As the first temple we visited in our three-day tour of Kyoto and Nara, we came to the temple of Chion-in, which is the home temple of the main Chinzei branch of Jodo Shu Pure Land Buddhism. Readers may recall I had something of a religious experience the first time I came here five years ago, that turned me on to Buddhism. So, I was eager to come back and see it again with more experienced eyes, and to pay respects to the founder, Honen, whose 800th Memorial is coming next year.
I forgot how big Chion-in was. Many Japanese Buddhist temples have a main gate or sanmon (山門) which means “mountain gate”. The idea, I imagine, is the notion of coming up to the mountain to retreat from the hubbub of the world, and devote one’s self to the Dharma. The Sanmon Gate of Chion-in is huge:
And here’s inside the gate:
Also, the cherry blossoms were blooming nicely at the gate:
The stairs behind the Sanmon Gate were not a trivial climb, and there’s an easier climb off to the right, but I decided I had some bad karma to burn off, as well as calories, so I hauled myself and Baby up those steps.
At the top of those steps we were greeted by a statue of Honen, as a young boy when his given name was Seishimaru. Sadly, I have no suitable pictures of that, but if i find one, I’ll upload later. Anyway, once you’ve ascended the steps, you come to the main plaza of Chion-in:
My little girl got in the photo accidentally while posing in front of Mommy’s camera. She’s quite silly sometimes. 🙂 Also, here’s a view to the east as well from where I stood:
Anyway, as with all temples in Kyoto, you have to take off your shoes before going in, so we did. Also, pictures are almost never allowed inside,1 so I can’t show any photos. But I will say it was a huge prayer hall in the Mieidō. There was the big centerpiece in the middle devoted to Amida Buddha, but also huge taiko drums to the left and right. Further on both ends were images to Honen and (I think) Shan-tao whom Honen admired greatly. To left side of the altar area, a lone priest was chanting something while hitting a wooden fish. My wife and I went in while the little one stayed outside with her grandparents. We knelt down in the congregation’s area, recited the nembutsu, and I thanked Honen mentally as well. Had I not been to Chion-in five years ago, things would be rather different for me, I imagine. Sadly, I overlooked Honen’s mausoleum just around the corner, otherwise, I would have paid more respects.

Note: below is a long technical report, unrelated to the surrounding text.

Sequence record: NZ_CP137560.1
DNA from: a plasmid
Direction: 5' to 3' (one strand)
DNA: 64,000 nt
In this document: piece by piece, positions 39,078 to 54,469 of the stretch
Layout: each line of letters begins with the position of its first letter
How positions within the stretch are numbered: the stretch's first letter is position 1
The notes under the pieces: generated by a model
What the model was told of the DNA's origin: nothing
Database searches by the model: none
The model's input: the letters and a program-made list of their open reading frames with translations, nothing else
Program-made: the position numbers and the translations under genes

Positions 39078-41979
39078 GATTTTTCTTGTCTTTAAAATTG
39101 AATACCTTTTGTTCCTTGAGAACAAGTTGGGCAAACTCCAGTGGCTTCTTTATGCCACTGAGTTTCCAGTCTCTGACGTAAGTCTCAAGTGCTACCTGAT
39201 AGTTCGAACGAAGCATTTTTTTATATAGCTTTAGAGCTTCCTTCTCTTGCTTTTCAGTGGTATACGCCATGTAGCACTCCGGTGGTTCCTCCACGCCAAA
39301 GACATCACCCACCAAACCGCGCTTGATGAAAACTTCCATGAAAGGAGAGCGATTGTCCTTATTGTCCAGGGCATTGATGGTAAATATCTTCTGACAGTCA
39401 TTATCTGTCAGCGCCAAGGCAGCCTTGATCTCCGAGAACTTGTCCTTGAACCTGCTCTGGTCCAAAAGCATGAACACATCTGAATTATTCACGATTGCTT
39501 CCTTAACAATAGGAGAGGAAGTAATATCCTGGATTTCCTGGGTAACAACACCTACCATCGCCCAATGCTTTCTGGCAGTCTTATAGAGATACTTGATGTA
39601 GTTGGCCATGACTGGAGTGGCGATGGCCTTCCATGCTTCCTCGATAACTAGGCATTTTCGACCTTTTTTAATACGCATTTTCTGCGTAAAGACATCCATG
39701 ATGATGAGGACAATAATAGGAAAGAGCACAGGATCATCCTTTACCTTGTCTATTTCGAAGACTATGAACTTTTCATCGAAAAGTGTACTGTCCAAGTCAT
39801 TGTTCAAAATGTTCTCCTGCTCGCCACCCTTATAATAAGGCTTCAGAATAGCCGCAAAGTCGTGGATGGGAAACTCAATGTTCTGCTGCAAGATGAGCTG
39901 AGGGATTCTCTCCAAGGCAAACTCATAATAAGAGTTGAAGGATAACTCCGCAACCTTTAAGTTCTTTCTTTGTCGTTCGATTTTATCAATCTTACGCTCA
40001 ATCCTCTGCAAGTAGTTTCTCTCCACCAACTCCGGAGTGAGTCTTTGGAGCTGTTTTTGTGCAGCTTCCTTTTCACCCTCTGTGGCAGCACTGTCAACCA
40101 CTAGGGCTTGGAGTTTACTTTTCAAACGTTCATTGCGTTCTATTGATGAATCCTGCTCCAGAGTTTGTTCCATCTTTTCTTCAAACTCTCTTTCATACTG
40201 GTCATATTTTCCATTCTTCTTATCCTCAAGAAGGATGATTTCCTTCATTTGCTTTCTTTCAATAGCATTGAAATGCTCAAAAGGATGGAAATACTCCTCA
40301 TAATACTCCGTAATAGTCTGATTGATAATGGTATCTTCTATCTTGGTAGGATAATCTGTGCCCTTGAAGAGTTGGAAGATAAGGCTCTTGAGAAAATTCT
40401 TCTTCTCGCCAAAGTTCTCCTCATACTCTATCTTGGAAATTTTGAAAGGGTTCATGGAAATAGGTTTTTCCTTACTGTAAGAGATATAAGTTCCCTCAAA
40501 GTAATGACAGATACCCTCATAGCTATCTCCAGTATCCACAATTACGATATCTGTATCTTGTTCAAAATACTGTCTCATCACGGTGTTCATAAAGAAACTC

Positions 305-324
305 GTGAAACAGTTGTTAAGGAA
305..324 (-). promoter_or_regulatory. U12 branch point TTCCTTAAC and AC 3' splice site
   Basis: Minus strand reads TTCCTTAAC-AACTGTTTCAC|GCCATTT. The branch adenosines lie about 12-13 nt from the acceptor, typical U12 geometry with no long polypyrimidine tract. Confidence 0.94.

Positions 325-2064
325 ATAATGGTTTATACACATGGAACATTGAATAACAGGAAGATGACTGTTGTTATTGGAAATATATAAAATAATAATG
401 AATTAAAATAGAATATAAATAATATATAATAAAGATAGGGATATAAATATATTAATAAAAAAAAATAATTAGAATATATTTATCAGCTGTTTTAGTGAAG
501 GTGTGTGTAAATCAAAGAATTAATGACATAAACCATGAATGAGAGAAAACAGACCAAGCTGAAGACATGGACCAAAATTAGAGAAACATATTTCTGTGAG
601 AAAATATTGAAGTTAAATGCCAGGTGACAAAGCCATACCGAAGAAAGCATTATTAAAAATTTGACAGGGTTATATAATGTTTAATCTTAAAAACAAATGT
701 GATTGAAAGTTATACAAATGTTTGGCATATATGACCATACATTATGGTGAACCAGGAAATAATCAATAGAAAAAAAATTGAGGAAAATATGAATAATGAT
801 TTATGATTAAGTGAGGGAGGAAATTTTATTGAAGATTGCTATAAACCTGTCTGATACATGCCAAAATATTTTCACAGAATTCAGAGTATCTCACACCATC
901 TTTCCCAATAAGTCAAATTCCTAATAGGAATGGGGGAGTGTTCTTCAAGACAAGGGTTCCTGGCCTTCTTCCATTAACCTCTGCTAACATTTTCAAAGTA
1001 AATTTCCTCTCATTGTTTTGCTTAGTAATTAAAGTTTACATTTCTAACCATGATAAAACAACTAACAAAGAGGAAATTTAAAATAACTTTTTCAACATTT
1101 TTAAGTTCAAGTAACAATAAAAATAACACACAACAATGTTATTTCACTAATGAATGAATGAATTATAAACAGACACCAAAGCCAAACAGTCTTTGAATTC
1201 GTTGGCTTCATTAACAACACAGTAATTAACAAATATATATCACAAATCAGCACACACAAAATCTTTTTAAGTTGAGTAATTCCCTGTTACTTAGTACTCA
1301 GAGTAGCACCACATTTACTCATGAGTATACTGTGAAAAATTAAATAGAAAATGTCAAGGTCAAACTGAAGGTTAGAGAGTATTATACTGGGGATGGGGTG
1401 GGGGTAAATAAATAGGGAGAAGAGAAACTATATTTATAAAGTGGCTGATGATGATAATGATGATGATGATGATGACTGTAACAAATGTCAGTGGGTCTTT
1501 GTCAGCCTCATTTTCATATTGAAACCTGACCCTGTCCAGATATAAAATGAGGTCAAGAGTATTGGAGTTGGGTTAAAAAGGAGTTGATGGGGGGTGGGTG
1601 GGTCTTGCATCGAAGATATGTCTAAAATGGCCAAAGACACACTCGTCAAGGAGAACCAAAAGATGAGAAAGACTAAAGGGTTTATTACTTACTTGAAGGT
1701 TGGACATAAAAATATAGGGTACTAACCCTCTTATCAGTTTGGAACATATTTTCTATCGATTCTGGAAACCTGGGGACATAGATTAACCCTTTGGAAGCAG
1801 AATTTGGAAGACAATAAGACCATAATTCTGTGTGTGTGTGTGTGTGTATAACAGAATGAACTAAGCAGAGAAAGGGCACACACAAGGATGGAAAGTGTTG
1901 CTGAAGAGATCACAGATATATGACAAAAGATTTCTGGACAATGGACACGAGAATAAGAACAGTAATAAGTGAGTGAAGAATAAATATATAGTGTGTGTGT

Instead, we went up the hill to the large bell or Ōgane (大鐘):
The bell is far larger than this picture shows, and is well-known in Japan. It takes multiple men to properly raise the striking log and give it a solid strike. Here’s another view to the side:
Unfortunately, instead of coming back down to enjoy the rest of Chion-in, we took the wrong path down and came to a lovely garden:
And instead of trying to come back where we started, we thought to find a shortcut down which only made us more lost. On the way, we found a small Shinto shrine, which I stopped to pay respects at:
We continued until we reached all the way back to the Sanmon gate, and by this time, my wife’s parents were tired and we had to move on. So, the trip was cut short in unexpected ways, but as we were about to leave, I noticed this sign at Chion-in’s entrance, which I felt was a fitting ending, even though the translation is a bit awkward at points:
I really felt this conveyed the beauty of the Pure Land Buddhist path nicely, so I will end the blog post there. It was great to come back and pay my respects to Honen after all these years, and I certainly hope to come back again in the coming years.
For our next hop, I will cover the Silver Pavilion, or Ginkakuji.
Namu Amida Butsu
P.S. More pictures on Flickr, though I posted most of the “good ones” here.
1 Jodo Shinshu temples seem to be the only exception to this rule, not sure why.